It is no secret that there was time when Jon Fosse drank too much, far too much. But never when he was writing, when he needed to be stone-cold sober. For many years, alcohol was useful for a writer who had anxiety issues with virtually everything except writing, but eventually the alcohol took control. He was never drunk, but had to drink to be normal, as he puts it. Fosse was drinking around the clock for a couple of months and then collapsed. That was in spring 2012. He made the decision there and then to quit drinking.
“I had severe delirium and alcohol poisoning. I’ve read that 30 percent die if they go untreated. 15 percent die even with treatment”.
“2012 was a turning point. You quit drinking in March and converted to Catholicism that summer”.
“Yes, that was a turning point. I took charge and turned things around”.
Fosse stopped going to bars, virtually gave up attending productions of his own plays, stopped doing readings and stage appearances. He opted into a different, less sociable life.
“There’s the question of what kind of alcoholism I had. I drank way too much, but it wasn’t hard to abstain from drinking once I had recovered. I don’t go to the pub nowadays. I go to the coffee bars in town. Alcohol is a good thing for many people, and only a serious problem for a relatively small minority. After seven years of sobriety, I can now enjoy a glass of wine or two now and then. But obviously there won’t be any more all-night benders for me. That’s behind me”.
“That time, around 2012, is a before and after divide?”
“Yes, many things coincided. I also met Anna, and we got married. I had my first daughter, Erli. And that was when I was granted use of the royal residence, Grotten. I used to live there half the year, and now I live there all the time”.
Fosse, from Western Norway, was granted the use of the royal residence Grotten in the capital in 2011. How was that going to work out, his western countrymen wondered. Would the literary stream dry up without the rains and mountain and fjord views? Fosse was far from convinced when the offer came to take up residence, but eventually came to feel that it was a good thing given what he represents: the Nynorsk language.
“So much has happened over the last decade. So much that I had to take a break from writing. I face things in life, and I face things in my writing. For me, the things I face when writing are at least as powerful, or even more so, than what I face in life. Writing is a waking trance; putting yourself in a controlled dream state where you listen your way in, as it were. That was why I didn’t want to write in that crazy period after I quit drinking and converted. First I needed to reclaim my usual way of coping”.
“You had anxiety about writing at that time?”
“No, but I was loathe to write. I didn’t feel like letting myself go. And, after all, writing is to expose yourself to the unknown. Things were disconcerting enough”.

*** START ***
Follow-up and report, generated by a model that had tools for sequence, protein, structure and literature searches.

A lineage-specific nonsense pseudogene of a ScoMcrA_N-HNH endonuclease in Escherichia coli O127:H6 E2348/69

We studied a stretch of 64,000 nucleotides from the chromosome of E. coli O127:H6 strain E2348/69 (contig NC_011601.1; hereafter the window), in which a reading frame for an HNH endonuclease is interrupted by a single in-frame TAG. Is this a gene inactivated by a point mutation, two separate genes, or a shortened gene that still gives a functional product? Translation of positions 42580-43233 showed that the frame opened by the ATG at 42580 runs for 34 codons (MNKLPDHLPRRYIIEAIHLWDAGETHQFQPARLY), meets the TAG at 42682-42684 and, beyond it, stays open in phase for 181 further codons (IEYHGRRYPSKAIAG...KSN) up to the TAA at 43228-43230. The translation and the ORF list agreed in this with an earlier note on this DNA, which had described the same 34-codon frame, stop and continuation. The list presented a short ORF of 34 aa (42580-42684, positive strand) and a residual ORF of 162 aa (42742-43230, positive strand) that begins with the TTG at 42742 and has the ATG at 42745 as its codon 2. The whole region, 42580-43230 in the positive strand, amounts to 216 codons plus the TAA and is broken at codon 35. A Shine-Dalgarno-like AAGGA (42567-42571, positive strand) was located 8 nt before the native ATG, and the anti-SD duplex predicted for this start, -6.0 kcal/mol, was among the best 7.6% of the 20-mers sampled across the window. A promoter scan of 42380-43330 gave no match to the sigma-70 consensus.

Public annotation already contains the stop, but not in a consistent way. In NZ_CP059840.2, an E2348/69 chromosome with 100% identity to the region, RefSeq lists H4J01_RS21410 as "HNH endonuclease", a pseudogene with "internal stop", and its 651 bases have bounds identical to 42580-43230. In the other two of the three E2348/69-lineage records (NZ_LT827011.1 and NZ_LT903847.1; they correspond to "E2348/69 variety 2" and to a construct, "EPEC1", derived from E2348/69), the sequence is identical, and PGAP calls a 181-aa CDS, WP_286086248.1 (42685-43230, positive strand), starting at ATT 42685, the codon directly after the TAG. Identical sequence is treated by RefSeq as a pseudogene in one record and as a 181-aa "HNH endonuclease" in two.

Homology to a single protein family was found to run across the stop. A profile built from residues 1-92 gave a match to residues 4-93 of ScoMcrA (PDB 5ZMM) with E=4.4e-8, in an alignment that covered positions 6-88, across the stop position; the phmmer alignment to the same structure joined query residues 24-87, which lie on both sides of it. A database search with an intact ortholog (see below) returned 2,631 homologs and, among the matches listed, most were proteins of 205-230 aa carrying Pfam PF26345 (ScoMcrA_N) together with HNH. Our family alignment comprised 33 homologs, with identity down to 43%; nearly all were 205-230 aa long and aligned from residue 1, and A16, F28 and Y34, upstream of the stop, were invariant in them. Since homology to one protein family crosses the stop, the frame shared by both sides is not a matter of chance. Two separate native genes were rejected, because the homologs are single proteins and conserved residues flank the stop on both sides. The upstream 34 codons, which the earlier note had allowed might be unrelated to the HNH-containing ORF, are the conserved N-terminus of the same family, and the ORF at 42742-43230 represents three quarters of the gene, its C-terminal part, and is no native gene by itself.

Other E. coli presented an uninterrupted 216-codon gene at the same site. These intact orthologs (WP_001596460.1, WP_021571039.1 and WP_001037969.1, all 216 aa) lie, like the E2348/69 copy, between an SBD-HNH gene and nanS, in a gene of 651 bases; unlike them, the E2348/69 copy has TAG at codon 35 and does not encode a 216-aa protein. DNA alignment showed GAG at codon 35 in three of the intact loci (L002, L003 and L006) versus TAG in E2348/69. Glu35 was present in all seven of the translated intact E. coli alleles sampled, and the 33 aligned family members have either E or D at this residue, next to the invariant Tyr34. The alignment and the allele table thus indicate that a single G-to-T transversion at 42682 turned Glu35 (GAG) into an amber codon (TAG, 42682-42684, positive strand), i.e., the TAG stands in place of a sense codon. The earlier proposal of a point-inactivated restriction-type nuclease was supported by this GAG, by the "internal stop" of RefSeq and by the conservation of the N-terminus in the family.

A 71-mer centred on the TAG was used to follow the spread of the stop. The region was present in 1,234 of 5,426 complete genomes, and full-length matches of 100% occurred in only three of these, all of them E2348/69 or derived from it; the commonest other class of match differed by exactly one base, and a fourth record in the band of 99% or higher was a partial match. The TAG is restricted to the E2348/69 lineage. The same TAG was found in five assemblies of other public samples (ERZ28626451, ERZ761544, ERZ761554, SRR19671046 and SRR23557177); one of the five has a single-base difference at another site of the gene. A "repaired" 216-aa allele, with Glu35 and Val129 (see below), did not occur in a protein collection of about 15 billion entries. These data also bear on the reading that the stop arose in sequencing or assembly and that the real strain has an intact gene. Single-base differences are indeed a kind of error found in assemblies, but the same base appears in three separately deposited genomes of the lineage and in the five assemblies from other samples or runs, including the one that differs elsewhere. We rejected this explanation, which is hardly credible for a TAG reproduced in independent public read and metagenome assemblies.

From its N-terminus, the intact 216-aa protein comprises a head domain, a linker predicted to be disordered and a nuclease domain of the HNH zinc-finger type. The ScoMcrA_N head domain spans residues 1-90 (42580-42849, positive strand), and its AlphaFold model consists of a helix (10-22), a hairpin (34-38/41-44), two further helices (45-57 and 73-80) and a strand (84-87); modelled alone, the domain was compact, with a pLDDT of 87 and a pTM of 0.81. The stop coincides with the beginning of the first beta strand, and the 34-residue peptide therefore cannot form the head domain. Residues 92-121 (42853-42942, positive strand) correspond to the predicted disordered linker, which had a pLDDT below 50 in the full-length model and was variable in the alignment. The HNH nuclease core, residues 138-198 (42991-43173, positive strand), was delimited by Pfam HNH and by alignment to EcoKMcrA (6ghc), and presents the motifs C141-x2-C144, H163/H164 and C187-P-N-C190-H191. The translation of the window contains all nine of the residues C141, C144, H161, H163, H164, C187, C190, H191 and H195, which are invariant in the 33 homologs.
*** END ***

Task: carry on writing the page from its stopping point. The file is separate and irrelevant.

Fosse had done with playwriting and was reverting to prose, returning to his starting point. And Andvake (Sleepless), Olavs draumar (Olav’s Dreams) and Kveldsvævd (Weariness) were for Trilogien (Trilogy), a work for which Jon Fosse received the Nordic Council Literature Prize in 2015. He was happy, obliging and grateful at the award night in Reykjavik, but when Erna Solberg congratulated him and hinted that it was also a prize for Bergen, all the obligingness vanished. No, Fosse would have no talk of that. The prize was for Western Norway and the Nynorsk language, not Bergen, where moderate Bokmål and Bokmål predominate. Fosse gave Solberg a verbal clout and rushed back to his hotel.
But the Nordic Council Literature Prize had done him good. And in his acceptance speech, Fosse said that the prize had come at a good juncture because as far as Fosse’s eyes could see, he would be writing prose. Fosse had a few years where he avoided writing, but by summer 2015 he had resolved to force himself to get started again. He was helped on his way by a heat wave. In the summer of 2015, Fosse was invited to Château de Brangues in France, once the residence of French poet and dramatist Paul Claudel. Fosse had been invited by Claudel’s descendants, one of his translators having married into the Claudel family. He had a plan to launch into prose writing, and the château was a setting away from the daily grind.
“There was a heat wave while I was there. It was so hot when we went outside it was like being hit by a wall of heat. I don’t cope so well with heat. Fortunately, I had a room on a cool side of the Château. In the evenings, I ventured outside. By day, I was writing the opening to Septologien. I just started with my Mac, on my stomach in bed. Writing comes easily to me. It comes to me when I sit down to write. I’ve never had writer’s block”.
He had a beginning, but no plans to write a novel, and yet he wrote and kept writing. He wanted to write almost the opposite of drama, what he calls “slow prose”, prose which takes time, is a bit fiddly, and doesn’t rush from one thing to the next. He felt compelled towards a slow flow. As he wrote, the text fell naturally into seven parts: hence the title ‘Septology’.
“For many years I had focused intently on plays. My method of writing drama is all about setting constraints in order to achieve concentration and intensity. A dramatic work doesn’t necessarily call for much external drama as such, but for a powerful internal tension, an intense charge. Slow prose is the negation of fast-paced drama. Prose takes far longer than a play and requires more calm in myself and in daily life”.